Chip Scoggins
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Brooks Lee's foray into Major League Baseball has been quite impressive, and as if the start to his career hasn't been memorable enough, the Twins rookie third baseman got to face his best friend and college roommate on the mound in Chicago on Wednesday.

He took his buddy deep for a home run.

The good times will continue Friday night when, coincidentally, Lee's college — Cal Poly — is hosting an alumni event at the San Francisco Giants game against the Twins that is expected to draw 1,500 fans in Mustangs school colors who will give Lee a large and vocal cheering section as a visitor.

"Pretty cool," said Lee's dad, Larry, the head baseball coach at Cal Poly.

Those two words aptly describe Lee's first week in the bigs. Cool, as in fun and entertaining. But also cool, as in Lee looks completely unaffected by the big stage.

Everything about his approach screams that he belongs right where he is.

The only player in franchise history to collect more hits than Brooks' 11 through the first six games of his career was Kirby Puckett with 14 in 1984. He also has two home runs and has displayed smooth fielding.

"It's hard to think that someone could come to the big leagues and look more comfortable than he's looked," Twins manager Rocco Baldelli said.

Predicting how any player will handle the transition to the majors with any degree of certainty is nearly impossible, but Lee's career has always advanced ahead of the curve.

His dad has been a college coach for 41 years, the past 22 years at Cal Poly where he coached his son and White Sox starter Drew Thorpe, who joined his buddy Brooks in the 2022 draft. Lee was the No. 8 overall pick, Thorpe at No. 61.

Lee grew up immersed in his dad's program, initially as a bat boy. By eighth grade, he was playing in intrasquad games. Their family home had a barn that featured a batting cage. Dad and son spent countless hours in there.

Baseball is his dad's profession. Lee absorbed all that it offered him.

"He put more time into trying to become the best player that he could be than anybody I've ever had," Larry said. "He has a very elite baseball mind. He's his own best coach."

That trait proved helpful before his big league call-up. A back injury in spring training delayed the start of Lee's season. He used that rehab time in the minors to refine his hitting mechanics from the right side.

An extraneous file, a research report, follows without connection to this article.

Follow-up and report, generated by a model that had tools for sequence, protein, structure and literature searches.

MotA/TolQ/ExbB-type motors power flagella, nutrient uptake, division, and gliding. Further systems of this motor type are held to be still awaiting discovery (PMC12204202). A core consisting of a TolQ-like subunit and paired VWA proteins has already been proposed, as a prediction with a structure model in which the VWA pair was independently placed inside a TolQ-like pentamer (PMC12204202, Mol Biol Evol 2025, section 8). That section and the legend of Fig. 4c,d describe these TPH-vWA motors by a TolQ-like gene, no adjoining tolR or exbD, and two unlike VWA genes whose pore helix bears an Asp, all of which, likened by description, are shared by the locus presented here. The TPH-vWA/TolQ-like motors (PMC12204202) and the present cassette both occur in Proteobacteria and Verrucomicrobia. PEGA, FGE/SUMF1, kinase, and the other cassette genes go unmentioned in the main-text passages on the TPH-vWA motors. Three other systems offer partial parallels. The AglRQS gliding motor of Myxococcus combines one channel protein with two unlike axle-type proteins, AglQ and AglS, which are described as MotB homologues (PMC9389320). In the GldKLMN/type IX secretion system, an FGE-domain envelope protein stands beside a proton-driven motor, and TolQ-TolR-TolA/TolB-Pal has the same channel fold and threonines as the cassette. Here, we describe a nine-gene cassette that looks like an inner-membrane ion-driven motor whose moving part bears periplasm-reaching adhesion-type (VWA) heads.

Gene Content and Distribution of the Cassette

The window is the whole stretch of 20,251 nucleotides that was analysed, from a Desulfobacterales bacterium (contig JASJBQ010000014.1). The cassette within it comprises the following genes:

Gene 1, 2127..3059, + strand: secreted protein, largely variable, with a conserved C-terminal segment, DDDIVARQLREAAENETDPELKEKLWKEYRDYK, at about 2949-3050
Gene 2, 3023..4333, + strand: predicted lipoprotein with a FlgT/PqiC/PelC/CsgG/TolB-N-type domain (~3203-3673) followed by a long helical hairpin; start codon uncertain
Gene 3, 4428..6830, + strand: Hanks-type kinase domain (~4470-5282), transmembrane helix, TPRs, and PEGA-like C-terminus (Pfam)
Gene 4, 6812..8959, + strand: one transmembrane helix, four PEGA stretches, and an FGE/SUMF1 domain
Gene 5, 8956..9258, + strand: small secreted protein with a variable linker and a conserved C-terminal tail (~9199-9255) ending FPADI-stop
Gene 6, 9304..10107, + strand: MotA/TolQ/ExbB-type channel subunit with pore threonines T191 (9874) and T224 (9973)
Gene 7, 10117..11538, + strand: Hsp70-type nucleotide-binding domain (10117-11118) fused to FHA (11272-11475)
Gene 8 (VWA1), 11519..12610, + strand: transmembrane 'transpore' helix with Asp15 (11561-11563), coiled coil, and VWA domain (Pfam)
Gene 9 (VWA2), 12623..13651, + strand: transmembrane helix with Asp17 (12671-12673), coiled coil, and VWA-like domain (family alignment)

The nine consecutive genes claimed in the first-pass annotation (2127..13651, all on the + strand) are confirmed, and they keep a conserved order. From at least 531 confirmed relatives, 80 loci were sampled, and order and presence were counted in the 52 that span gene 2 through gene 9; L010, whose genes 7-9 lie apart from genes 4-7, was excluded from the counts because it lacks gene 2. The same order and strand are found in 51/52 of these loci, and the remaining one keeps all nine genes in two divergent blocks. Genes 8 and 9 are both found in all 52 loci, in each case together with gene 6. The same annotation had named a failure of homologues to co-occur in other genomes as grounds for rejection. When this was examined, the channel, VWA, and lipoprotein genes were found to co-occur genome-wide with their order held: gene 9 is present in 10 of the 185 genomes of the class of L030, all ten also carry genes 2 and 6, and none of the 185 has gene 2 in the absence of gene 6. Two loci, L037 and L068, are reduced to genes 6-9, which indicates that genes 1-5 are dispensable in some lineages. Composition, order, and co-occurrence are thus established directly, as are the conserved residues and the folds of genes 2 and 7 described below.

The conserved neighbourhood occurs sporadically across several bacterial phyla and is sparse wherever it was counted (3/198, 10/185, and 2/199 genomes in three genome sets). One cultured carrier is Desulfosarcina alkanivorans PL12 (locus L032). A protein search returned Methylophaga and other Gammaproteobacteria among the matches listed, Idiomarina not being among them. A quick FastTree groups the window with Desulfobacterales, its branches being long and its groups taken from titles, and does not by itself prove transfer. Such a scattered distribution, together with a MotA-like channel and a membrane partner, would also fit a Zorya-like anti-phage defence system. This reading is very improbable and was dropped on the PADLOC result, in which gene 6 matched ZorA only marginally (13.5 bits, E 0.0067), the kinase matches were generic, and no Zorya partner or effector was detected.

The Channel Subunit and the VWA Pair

A switch hitter, Lee has always been more productive hitting left-handed. More opportunities, more comfort. He has worked diligently to duplicate his left-handed swing from the right side.

Without delving too deep on specifics, Larry said his son made a few mechanical adjustments over weeks before joining the Twins. Lee had three hits in his first five at-bats as a right-handed hitter after his promotion.

"For the first time ever, I said, 'All right, let's start mimicking your righthanded swing,' " his dad said.

Lee's parents arrived at Target Field just in time to see him single off Detroit lefty Joey Wentz from the right side in his second game. His parents spent the previous night in LAX after a delayed flight caused them to miss their connection on a red eye.

Larry flew to Chicago this week to watch his son and his son's best friend face each other.

Lee batted leadoff in Game 2 of the doubleheader and grounded out on the first pitch of the game. Thorpe struck him out in the second at-bat. Third time was a charm — Lee smoked a home run to right field.

"I'm hitting .333 off of him," Lee said, "so last time I checked, that's Hall of Fame numbers."

Friendly trash-talking aside, Lee called Thorpe a "brother to me" and said his dad was probably rooting for both equally.

"You just want to sit back and cry because we're so proud of each other," Lee said.

No doubt the roomies shared a laugh too when they talked about their first duel as big leaguers.

"You can tell he's having a blast at the major league level," Larry Lee said of his son.

He looks completely at home, too.